# 1D topological insulator

This question is inspired by another one about the simplest model of topological insulator, where 4tnemele showed a nice two band model in the answer.

I read that and am wondering if we and push that to one dimension.

For example, by analogy to the graphene case, if we have a Hamiltonian in 1D (say x) as $H(k_x)=(k_x-k_0)+m$ for $k_x>0$. When $k_x=k_0$, one has $m>0$. $H(k_x)=(k_x+k_0)+m$ for $k_x<0$. When $k_x=-k_0$, one has $m<0$. A smooth connection in between, we will have a conductive edge (two ends in the 1D structure), right?

If I want to make a intuitive picture like below, is it correct? Any suggestion for real materials show this behavior?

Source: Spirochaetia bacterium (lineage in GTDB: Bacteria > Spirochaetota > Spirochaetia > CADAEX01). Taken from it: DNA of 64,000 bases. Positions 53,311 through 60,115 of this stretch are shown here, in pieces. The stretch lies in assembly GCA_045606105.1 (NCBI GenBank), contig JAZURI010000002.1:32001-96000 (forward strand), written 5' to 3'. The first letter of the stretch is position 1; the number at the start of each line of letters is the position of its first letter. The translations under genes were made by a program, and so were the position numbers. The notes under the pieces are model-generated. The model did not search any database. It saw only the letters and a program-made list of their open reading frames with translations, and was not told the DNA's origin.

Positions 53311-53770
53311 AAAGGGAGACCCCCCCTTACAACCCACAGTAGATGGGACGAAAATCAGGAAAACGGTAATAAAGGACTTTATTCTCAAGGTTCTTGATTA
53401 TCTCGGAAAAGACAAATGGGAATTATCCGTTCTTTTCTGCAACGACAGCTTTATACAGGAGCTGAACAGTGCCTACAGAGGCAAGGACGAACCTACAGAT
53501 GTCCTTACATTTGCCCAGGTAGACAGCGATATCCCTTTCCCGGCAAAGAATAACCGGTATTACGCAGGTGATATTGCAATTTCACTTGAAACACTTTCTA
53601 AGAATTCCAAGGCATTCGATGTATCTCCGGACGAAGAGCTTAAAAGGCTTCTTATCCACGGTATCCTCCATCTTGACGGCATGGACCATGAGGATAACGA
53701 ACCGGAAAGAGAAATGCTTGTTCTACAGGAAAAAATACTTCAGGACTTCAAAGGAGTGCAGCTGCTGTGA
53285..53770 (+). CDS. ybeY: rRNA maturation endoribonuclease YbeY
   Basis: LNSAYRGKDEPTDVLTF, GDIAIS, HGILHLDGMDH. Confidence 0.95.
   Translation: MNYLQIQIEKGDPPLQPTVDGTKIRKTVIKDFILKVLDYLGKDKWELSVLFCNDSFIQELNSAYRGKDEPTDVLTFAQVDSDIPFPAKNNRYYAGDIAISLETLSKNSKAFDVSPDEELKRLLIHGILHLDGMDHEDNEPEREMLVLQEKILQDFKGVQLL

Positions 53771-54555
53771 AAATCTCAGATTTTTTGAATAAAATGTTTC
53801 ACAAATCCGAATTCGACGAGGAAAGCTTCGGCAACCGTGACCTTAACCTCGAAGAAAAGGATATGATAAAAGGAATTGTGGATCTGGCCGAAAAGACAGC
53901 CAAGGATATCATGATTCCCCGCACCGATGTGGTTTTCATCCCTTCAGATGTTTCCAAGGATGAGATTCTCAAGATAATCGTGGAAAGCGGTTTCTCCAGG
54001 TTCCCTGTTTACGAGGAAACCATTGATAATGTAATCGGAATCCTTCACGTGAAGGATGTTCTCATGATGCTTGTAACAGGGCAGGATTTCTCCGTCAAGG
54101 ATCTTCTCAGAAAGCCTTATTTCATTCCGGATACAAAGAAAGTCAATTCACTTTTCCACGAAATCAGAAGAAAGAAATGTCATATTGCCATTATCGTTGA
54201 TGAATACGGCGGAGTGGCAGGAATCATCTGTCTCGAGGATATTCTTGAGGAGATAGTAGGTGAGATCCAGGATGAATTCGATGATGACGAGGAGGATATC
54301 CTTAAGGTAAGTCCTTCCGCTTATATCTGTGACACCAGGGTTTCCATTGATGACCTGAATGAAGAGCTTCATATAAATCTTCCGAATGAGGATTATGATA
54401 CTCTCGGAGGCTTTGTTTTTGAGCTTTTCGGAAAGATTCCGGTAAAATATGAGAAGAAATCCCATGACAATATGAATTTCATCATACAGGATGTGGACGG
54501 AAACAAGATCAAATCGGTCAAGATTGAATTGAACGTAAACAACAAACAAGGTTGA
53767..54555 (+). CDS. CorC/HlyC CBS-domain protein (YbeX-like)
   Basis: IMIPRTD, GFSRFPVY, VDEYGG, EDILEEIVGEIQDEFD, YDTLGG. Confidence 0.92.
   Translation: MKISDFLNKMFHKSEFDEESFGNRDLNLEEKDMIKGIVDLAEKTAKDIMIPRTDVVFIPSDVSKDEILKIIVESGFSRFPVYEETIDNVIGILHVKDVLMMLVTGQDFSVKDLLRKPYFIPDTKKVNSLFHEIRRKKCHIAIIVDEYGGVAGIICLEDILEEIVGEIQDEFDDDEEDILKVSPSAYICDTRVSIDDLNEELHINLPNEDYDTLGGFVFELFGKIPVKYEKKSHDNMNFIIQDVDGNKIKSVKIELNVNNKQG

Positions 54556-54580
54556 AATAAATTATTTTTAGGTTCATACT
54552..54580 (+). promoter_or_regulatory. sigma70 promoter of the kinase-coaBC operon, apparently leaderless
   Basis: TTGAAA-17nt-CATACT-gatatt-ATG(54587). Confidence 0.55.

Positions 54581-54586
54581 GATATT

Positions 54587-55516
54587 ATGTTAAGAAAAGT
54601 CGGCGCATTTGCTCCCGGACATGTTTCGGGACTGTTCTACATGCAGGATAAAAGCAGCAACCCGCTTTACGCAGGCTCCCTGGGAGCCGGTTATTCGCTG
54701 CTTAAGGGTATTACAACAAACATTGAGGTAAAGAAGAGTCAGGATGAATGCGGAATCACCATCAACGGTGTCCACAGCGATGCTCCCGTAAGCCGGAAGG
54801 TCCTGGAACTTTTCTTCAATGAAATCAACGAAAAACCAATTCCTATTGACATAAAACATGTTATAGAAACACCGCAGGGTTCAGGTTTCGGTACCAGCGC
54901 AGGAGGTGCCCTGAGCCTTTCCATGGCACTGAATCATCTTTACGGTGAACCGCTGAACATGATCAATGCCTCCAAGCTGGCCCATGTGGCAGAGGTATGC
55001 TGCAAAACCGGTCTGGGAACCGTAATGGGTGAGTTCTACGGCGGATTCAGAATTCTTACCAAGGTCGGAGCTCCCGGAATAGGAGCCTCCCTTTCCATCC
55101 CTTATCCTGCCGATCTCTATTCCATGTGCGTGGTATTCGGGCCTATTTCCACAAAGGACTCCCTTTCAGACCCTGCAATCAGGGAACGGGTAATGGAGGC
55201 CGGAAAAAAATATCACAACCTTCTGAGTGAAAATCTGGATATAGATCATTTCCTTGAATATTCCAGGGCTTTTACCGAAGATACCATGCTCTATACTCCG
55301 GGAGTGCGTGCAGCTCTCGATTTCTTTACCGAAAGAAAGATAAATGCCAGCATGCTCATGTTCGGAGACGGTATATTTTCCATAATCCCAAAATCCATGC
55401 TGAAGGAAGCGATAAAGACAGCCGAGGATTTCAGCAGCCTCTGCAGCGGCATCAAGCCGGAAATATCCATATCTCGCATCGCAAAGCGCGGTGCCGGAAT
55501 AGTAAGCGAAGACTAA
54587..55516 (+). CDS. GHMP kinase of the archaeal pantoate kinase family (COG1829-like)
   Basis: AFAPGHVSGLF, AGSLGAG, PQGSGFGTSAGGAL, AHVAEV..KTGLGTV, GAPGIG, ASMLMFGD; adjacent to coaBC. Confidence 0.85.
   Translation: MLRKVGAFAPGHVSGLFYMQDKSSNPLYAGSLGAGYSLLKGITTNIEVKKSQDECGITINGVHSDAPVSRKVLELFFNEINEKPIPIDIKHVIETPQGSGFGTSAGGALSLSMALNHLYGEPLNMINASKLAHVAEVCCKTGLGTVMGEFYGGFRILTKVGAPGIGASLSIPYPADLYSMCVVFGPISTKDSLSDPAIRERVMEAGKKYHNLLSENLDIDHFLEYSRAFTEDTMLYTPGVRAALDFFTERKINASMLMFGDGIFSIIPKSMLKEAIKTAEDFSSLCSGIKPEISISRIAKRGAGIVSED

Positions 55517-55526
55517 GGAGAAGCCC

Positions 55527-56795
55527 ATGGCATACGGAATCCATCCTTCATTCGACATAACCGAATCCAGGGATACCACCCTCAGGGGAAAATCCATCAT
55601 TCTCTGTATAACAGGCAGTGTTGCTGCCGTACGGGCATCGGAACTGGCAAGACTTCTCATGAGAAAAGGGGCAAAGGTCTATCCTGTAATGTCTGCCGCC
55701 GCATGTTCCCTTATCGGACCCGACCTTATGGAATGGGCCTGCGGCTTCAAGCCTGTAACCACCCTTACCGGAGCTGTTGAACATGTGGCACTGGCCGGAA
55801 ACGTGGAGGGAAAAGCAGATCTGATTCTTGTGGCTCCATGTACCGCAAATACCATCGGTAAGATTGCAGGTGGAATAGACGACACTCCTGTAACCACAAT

• I can't say anything too insightful as an answer to your actual question, but I think it's interesting to note that novel "edge modes" on the free ends of 1D systems are actually quite generic, two beautiful examples being emergent spin-1/2 excitations at the tips of S=1 Heisenberg magnets (see also the AKLT chain) or Majorana fermion modes on the ends of the Kitaev chain. – wsc Feb 26 '11 at 4:01

• @Jeremy (sorry for commenting on such an old question). The reason why people don't mention particle conservation is that they are using the standard complex Hamiltonians of the form $H = \sum_{ij}H_{ij}a^\dagger_ia_j$ which explicitly conserves particle number. Except if the Hamiltonian has particle-hole symmetry, which means it describes a superconductor in the mean-field approximation (using Nambu spinors). (Continued) – Heidar Dec 8 '12 at 17:50